The solution, Chintan says, is a greener approach based on preventing, reducing, reusing, recycling and recovering waste. But Pradeep Khandelwal, chief engineer of East Delhi Municipal Corporation, said of the dump: “It is not a health hazard. We take all precautions here.”
He said when the dump was first opened in 1984, it was in the countryside, but the town had since grown around it.
It now has 14 million tons of rubbish over 72 acres, equal to about 48 football pitches.
India’s Prime Minister, Narendra Modi.
Mr Khandelwal said: “It was started before the rules came in so it has no leachate or gas collection system. But we have capped five acres, collect gas there and flare it.
“We dump 2,000 tons of waste a day there – 1,500 tons collected from homes and 500 tons which is the residue from a waste-to-energy plant. But we are compacting it so there will not be any air or other sort of pollution.”
Asked why the corporation continued dumping when the mountain exceeded capacity in 2002, he said: “We are trying to find solutions but haven’t found an answer.”
India’s prime minister Narendra Modi has led green initiatives, including his Clean India Mission, and last year he pledged ambitiously to eliminate all single-use plastic by 2022.
But in the meantime, the Mountain of Waste keeps on growing and it is a towering symbol of the life-threatening pollution engulfing India.
Comment by Vikrant Tongad, Social Action for Forest and Environment
The huge mountain of waste in Ghazipur shames us because it shows we are unable to manage our waste properly.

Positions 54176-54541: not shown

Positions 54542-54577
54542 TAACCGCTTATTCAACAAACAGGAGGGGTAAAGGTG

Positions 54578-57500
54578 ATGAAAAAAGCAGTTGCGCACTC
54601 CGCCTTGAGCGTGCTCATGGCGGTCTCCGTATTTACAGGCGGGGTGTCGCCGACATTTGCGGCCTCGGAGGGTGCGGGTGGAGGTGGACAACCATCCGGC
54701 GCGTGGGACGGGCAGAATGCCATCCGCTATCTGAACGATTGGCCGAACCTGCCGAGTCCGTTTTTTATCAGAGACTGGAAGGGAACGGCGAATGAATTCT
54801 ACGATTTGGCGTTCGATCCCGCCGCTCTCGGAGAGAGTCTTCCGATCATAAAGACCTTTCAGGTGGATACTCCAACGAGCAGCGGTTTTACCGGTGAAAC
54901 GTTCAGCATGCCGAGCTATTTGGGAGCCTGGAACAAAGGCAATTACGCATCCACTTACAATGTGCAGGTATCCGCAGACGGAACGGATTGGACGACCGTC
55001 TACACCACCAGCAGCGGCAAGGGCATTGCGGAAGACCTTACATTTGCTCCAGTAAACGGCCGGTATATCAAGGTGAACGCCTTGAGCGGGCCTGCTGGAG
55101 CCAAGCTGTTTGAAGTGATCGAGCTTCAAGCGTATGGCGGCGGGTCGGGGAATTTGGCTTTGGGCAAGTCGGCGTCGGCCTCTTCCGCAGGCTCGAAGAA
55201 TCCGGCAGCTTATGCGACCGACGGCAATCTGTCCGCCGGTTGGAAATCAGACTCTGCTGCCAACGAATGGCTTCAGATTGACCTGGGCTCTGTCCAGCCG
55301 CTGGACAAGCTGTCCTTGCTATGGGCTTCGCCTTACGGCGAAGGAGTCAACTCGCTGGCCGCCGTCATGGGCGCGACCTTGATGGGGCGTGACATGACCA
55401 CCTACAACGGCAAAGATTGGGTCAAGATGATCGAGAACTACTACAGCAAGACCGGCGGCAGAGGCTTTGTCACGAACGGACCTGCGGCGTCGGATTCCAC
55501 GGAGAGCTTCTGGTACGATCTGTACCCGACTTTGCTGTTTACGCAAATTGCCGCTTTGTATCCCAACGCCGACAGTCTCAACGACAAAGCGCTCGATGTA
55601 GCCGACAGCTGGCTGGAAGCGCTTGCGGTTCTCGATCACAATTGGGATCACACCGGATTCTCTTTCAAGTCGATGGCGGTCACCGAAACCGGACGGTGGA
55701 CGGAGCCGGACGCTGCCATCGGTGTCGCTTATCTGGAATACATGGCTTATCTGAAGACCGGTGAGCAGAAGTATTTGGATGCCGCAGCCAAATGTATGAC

Delhi is already polluted.
We cannot control air pollution from cars, industry, crop burning and demolition work – and this dump only adds to the problem.
It also contaminates groundwater and surface water.
The dump now has 14 million tons of rubbish over 72 acres, equal to about 48 football pitches.
Within the dump you can have household, industrial and medical waste all mixed up, but it is only one part of the problem.
We also need to persuade the public not to burn their waste, which can release toxins into the atmosphere.
Across India, we produce more than 115,000 tons of plastic waste every year – much of it burned in open fires.
Waste has been linked to waterborne diseases, breathing problems, heart attacks and high blood pressure and is particularly bad for children.
But tackling this is not a problem for the government alone.
It must work with industry and business and the general public to solve this issue.
One option is for waste to be burned by incinerators to create energy.
But they can generate serious gases and create more health issues for local people.
Within the dump you can have household, industrial and medical waste all mixed up.
We need to use the mantra of “reuse, reduce and recycle”.
We also need to segregate waste and have bins for kitchen waste, bins for wet waste and another for dry waste.
We then need proper waste management facilities that can deal with recyclables.
My organisation is using the law to try and safeguard the environment.
In the last five years, we have been involved with more than 20 lawsuits over environmental issues, backed by committed lawyers working pro-bono.
We have gone as far as the Supreme Court to safeguard the environment and will continue to campaign for a cleaner India.